By Marco Giovanetti
As the days become shorter and the night’s cooler, most people think about hibernating on the sofa in their free time. For many hunters however, it’s time to get outside.
For animals in the wild, survival during these cold months forces them to lower ground, which makes fall and winter one of the best times to hunt (if you’re able to handle the atrocious weather, that is).
Venison is the best, but there are others that require special mention. If you’ve tried rabbit and thought it tasted a bit like chicken, it’s time to step it up in the fast-moving hopping realm. Hare is undoubtedly one of the best red meats money never buys. If you get the opportunity to try this ‘pest’ – do it. Eating hare may be one of your most monumental food moments (like it was for me). I also recommend Pheasant and Partridge.
If you’re not into hunting, or not lucky enough to know any generous hunters, there’s plenty of farmed game available in the supermarket. When we see venison on the shelf – it hasn’t been living in wild bush seeking food; it has been kept in a very relaxed, no stress environment. This venison is mild in flavour and if you’re new to this meat, it is a great place to start.
The other main game animal we find in the supermarket is duck. The three types of duck races found in Quebec are Musque, Pekin and Mulard. They are raised in farms and cannot fly. So again, the flavours are a lot more subtle than from those that fly around in the wild.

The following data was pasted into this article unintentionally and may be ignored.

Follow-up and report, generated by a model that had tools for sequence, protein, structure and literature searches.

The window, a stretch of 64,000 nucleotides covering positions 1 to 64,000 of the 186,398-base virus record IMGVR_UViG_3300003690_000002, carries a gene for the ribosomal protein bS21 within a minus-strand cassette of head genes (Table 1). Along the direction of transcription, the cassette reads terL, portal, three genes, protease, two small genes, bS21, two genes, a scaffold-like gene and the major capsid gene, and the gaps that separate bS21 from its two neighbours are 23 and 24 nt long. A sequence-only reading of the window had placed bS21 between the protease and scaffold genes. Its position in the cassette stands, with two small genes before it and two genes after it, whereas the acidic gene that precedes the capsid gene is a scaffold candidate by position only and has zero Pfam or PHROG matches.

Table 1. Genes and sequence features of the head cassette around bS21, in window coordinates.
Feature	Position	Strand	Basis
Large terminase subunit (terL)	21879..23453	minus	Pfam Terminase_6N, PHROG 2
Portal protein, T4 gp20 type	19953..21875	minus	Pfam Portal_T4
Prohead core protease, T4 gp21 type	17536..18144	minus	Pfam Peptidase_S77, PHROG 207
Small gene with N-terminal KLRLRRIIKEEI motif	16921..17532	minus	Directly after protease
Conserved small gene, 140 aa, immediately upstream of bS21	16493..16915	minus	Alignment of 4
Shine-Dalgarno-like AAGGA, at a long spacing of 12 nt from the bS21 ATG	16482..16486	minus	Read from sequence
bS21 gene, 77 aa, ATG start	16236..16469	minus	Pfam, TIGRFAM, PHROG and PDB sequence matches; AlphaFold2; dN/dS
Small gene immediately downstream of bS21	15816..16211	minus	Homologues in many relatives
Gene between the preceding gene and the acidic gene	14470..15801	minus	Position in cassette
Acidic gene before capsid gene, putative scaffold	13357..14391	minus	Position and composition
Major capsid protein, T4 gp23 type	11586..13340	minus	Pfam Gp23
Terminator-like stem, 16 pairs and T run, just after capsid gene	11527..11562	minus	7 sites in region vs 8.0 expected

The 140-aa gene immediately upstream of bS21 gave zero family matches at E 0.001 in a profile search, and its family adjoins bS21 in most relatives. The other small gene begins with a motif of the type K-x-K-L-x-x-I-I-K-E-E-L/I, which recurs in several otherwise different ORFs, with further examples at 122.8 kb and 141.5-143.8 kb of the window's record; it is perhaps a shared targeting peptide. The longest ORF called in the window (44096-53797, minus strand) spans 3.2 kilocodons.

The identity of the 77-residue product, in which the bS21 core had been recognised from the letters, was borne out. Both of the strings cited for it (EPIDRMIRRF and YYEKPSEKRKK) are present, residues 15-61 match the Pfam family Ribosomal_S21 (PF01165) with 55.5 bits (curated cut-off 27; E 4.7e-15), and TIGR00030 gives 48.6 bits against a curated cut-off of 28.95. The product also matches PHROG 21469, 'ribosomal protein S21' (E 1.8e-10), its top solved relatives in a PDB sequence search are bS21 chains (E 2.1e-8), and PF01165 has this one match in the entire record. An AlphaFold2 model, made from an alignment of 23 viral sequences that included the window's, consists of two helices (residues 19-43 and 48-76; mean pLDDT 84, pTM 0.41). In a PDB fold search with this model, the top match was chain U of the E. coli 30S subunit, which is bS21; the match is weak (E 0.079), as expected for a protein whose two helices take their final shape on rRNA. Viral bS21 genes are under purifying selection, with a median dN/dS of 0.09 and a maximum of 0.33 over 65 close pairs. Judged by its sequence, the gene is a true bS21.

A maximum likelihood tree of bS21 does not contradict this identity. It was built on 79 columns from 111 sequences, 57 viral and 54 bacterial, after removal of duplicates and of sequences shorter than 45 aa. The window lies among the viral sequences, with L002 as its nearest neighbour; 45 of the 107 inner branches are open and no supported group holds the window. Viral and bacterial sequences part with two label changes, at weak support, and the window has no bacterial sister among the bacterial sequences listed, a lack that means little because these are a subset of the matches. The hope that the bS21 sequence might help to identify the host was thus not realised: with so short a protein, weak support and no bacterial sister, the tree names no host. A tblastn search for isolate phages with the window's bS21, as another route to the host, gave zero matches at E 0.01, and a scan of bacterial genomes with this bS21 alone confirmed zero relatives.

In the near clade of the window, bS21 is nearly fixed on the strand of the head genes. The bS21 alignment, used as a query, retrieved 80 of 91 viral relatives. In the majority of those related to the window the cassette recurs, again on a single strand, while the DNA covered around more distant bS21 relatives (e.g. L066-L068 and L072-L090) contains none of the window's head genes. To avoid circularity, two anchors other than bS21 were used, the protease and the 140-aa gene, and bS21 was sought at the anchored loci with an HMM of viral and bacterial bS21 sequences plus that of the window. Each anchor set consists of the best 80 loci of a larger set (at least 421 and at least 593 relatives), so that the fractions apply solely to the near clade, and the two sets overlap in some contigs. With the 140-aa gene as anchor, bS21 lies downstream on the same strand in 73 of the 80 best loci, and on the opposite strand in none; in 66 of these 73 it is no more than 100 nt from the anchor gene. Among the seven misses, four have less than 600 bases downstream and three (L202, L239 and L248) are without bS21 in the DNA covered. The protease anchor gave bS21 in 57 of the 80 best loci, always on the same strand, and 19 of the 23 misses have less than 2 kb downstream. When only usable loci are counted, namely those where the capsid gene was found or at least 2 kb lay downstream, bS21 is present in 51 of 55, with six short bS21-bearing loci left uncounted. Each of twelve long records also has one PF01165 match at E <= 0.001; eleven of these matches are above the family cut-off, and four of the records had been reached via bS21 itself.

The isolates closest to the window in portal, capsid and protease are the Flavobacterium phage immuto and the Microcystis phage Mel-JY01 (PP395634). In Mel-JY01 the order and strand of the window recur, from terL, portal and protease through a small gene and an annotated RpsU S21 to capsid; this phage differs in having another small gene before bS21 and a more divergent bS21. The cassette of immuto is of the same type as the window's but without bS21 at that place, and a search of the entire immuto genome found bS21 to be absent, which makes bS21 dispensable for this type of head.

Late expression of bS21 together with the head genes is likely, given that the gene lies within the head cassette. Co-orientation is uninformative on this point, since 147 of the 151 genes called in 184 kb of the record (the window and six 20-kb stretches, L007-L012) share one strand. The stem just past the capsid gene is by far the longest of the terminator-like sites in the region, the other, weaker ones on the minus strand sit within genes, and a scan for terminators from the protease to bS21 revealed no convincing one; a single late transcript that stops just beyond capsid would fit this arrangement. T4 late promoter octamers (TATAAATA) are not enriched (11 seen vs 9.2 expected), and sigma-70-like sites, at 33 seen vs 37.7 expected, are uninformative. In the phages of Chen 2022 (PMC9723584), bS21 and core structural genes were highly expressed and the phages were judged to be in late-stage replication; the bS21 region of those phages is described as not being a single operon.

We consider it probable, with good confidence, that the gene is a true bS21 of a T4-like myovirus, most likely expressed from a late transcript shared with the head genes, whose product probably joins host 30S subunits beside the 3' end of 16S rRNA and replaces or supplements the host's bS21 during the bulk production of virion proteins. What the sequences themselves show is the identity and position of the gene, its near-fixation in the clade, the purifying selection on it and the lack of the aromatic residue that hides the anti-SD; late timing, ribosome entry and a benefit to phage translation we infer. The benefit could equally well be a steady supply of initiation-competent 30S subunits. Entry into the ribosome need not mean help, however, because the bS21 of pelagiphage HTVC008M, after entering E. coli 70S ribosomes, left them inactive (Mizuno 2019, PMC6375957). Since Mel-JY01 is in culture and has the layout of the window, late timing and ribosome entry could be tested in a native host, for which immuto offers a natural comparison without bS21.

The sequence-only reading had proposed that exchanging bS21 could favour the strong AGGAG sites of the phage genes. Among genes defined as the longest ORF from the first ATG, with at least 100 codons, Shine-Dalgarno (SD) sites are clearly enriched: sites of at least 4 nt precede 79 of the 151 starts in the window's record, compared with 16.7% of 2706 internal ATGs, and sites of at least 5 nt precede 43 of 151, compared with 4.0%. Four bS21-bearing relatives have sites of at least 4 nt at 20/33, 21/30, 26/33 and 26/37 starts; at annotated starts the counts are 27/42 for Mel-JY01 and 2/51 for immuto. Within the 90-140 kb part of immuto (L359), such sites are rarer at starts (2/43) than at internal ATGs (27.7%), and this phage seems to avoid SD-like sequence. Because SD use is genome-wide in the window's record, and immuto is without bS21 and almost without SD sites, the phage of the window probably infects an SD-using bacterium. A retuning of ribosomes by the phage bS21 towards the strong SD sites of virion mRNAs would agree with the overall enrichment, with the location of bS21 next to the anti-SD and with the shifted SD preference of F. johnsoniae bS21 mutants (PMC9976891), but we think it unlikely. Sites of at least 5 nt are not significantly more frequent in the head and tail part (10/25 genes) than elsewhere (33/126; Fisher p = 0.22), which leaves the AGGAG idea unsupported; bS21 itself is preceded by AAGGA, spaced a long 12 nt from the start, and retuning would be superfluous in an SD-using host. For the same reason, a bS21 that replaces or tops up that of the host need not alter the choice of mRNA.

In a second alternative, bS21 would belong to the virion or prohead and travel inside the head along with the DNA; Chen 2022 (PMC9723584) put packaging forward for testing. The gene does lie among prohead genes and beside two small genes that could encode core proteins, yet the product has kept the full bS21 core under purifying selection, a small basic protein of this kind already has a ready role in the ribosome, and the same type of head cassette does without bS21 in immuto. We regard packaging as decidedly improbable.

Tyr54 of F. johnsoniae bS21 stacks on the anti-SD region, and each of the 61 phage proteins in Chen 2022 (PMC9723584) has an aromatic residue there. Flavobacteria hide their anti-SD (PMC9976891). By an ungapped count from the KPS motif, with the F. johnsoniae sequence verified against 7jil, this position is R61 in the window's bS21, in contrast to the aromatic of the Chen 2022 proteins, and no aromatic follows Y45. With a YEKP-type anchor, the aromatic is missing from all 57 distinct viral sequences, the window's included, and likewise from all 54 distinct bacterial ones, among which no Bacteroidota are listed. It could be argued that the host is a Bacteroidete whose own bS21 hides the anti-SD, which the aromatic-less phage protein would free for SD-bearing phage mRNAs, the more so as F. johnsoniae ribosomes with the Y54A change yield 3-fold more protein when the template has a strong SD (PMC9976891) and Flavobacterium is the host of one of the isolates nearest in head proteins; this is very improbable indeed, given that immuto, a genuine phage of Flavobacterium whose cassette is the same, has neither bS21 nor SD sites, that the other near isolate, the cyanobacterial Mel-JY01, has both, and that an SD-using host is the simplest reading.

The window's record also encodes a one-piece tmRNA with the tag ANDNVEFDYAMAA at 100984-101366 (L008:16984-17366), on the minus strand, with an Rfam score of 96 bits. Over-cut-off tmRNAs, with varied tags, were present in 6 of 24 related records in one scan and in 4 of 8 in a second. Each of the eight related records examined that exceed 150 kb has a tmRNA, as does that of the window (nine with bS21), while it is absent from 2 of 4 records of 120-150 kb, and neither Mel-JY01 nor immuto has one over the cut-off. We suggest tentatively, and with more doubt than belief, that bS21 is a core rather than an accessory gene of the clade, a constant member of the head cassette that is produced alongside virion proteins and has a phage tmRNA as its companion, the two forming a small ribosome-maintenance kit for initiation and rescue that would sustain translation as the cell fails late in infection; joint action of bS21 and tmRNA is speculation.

Now that you are an expert on the difference between what we get in a supermarket versus what we get in the wild, I can start to make some wine recommendations. To be fair, I don’t think there is any need to differentiate wines for wild and farmed animals, just understanding the difference between the meats is the key.
Duck screams pinot noir. For a suitable wine match I would look to something from Burgundy. Givry or Aloxe Corton comes to mind. Those wines are fruity enough but also showing lots of flavor complexity. In addition, they are easy on the tannins, but rich in the mouth – ensuring a harmonious match with the complex taste of duck meat.
Venison is a little different to duck in how it is presented at the table – it should always be served rare. If it is overcooked, it can be a little tough and chewy. Don’t let this stop you, but remember that you can never take it off the grill too early. Even if the meat has only been seared on the outside it will look and taste like a chef of 30 years’ experience has prepared it.
Venison can be very versatile with wine matches, Tuscan Cabernet, Spanish Tempranillo or French Syrah will work very well. Just pay attention to the tannins and oak level of the wine. They can overrun the delicate taste of the meat.
This brings us all the way back to hare. It’s the one game meat that when you try and tell someone how good it is, they have this bewildered look on their face. Tell them it’s a red meat and they become even more confused. If you have not tried hare, the best thing to do is not start thinking of it as an oversized rabbit. Rabbit meat is white, but hare meat is red – so you begin to see where the confusion arises. For hare I would look to a red Bandol or a Châteauneuf-du-Pape. Both wines would provide a decadent match to remember.